He walks on. A woman with a bonnet pulled down on her head and a shawl gripped around her shoulders brushes against him as she passes.

“Watch your step, you,” she grumbles, glaring at him.

An easy one, thinks the boy. She has recently lost in love, notice the stains around her eyes, the tight anger in her mouth, and the chocolate hidden in her hand. She is within a year of thirty, gaining a little weight, a resident of the Sussex countryside where its unique brown clay has marked the insteps of both her black boots.

The boy feels like he needs to know everything. He needs advantages in a life that has given him few. A teacher at his school once told him he was brilliant. He’d scoffed at that. “Brilliant at what?” he had muttered to himself. “At being in the wrong life at the wrong time?”

On Fleet Street, he reaches into a cast-iron dustbin and pulls out a handful of newspapers. The Times … toss it back. The Daily Telegraph … toss it back. The Illustrated Police News … ah, yes. Now there is a newspaper! Every sensation that London can create brought to life in big black-and-white pictures. He reads such scandal sheets every day, but this one, with a riveting tale of bloody violence and injustice, will reveal to him his destiny.

Today I read…burning from the inside

Burning from the insideToday I read burning from the inside by Christine Walde.

Anything is better than going home. Even working with the cops to get out of his latest graffiti charges. But then Thom finds out what they want him to do–go undercover and help them catch the G7, a group of socially conscious graffiti writers who have so far managed to elude the police. Not only will he be forced to narc on fellow artists, but for his day job he will be forced to buff–to remove graffiti, to cover it with grey paint until the walls are as dull as the people who live in between them. He can’t–but the only other option is to go to jail, or back home.

So Thom becomes TNT, the newest tagger in town. Creating art by night, by day he erases his own work. And then he meets her. Aura. Beautiful, talented, free-spirited Aura, so much like him. Aura, of the G7. She brings him into her world, and introduces him to the others: The DC. Kane. MC Lee. DJ O’d. Queen Mab. And their leader, Chef BS.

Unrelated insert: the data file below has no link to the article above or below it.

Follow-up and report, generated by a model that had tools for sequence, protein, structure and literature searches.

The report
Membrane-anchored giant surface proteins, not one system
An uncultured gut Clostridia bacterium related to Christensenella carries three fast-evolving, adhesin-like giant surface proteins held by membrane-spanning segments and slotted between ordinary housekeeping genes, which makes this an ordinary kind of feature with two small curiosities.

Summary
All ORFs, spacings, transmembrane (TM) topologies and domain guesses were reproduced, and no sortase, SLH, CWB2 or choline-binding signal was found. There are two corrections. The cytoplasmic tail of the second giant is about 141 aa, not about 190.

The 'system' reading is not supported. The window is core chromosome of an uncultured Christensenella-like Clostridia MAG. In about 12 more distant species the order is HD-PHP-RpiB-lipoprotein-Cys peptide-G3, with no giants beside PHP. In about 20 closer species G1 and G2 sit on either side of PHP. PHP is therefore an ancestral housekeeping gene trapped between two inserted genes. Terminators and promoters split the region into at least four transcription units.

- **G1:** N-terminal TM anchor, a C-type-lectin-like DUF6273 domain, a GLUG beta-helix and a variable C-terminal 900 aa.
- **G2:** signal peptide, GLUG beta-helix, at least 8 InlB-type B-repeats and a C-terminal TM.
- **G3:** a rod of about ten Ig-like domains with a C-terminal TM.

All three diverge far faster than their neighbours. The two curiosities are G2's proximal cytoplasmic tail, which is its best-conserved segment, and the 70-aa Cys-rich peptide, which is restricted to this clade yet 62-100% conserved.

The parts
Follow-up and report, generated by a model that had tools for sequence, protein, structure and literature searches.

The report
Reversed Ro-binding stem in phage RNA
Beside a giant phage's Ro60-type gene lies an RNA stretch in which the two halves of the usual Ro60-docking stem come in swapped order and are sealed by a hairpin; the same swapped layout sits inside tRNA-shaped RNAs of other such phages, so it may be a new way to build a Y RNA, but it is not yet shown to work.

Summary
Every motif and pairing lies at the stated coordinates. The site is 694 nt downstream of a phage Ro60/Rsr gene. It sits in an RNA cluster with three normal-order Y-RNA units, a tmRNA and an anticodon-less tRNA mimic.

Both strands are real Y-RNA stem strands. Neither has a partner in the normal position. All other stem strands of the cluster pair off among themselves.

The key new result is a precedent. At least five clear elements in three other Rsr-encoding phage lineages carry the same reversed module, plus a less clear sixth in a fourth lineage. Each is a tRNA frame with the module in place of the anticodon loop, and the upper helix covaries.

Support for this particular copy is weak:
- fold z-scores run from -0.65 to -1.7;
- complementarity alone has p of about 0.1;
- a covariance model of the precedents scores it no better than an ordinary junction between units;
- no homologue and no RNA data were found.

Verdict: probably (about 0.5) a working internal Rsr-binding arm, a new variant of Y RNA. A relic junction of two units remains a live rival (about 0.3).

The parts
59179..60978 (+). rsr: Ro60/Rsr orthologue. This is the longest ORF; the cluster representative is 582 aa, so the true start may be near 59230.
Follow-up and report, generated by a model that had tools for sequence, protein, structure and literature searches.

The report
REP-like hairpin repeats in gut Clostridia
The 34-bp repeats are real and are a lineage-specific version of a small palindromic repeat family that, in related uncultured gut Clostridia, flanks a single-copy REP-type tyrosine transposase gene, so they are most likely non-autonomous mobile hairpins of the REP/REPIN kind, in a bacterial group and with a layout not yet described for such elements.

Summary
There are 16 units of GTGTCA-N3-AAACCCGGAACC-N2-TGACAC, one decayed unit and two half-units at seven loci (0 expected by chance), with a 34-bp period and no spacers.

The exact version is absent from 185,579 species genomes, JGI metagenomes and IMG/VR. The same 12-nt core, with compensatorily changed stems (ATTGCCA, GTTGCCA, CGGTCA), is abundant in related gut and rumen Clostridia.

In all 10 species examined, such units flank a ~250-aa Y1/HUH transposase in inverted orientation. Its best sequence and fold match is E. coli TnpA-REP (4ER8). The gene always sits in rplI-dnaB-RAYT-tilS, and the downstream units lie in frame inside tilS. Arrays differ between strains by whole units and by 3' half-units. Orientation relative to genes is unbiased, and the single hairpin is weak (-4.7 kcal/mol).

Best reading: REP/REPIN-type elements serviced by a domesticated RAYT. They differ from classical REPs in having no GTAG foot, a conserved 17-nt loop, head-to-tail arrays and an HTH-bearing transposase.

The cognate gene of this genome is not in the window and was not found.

Together, Thom and Aura dream of finding the legendary Kalpa path on Tiger Mountain, the art left behind by Story, the greatest tagger the city has ever seen, who disappeared without a trace many years ago. But standing in their way is the police officer who secretly wants Thom to find more than just the G7–he wants Story, and he doesn’t care what happens to Thom as long as he gets her…

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This is another of the books I got at the OLA Super Conference,and it was written by a classmate of mine from library school, Christine Walde. I knew she was a poet, but I didn’t know that she was also a prose author. At times the language she uses is so beautifully put together, you can tell where the poetry whispered in her ear saying don’t you miss me?

The point of view alternates between Aura and Thom, and in some ways they’re very alike. They’re both just so *frustrated*–Thom wants to make art, art that is seen and changes the world a little bit, and Aura wants to send a message to the world with the rest of the G7 that it needs to WAKE UP. Young frustrated idealism in the face of a cynical world that doesn’t want to listen–a timeless story. Thom and Aura would never work as older characters, because they would be more jaded–they need the impatience of youth to change the world.

The book also talks a lot about graffiti, what drives people to go out and do it even though it is illegal. Graffiti is a culture I have never experienced–probably because I have no artistic talent (alright, and I tend to be boringly law-abiding). I can’t even draw stick people well, and I admire people who do have that talent. There’s a sharp difference drawn here between those who scribble meaningless things with paint on public property and those who create art, who have a message and something to say in a public forum. The amateur and the professional graffiti writer, in a way. Both have their place, but buffing scribbles is a pinprick to Thom while buffing art is a wound. Christine gives a great interview here about graffiti and art.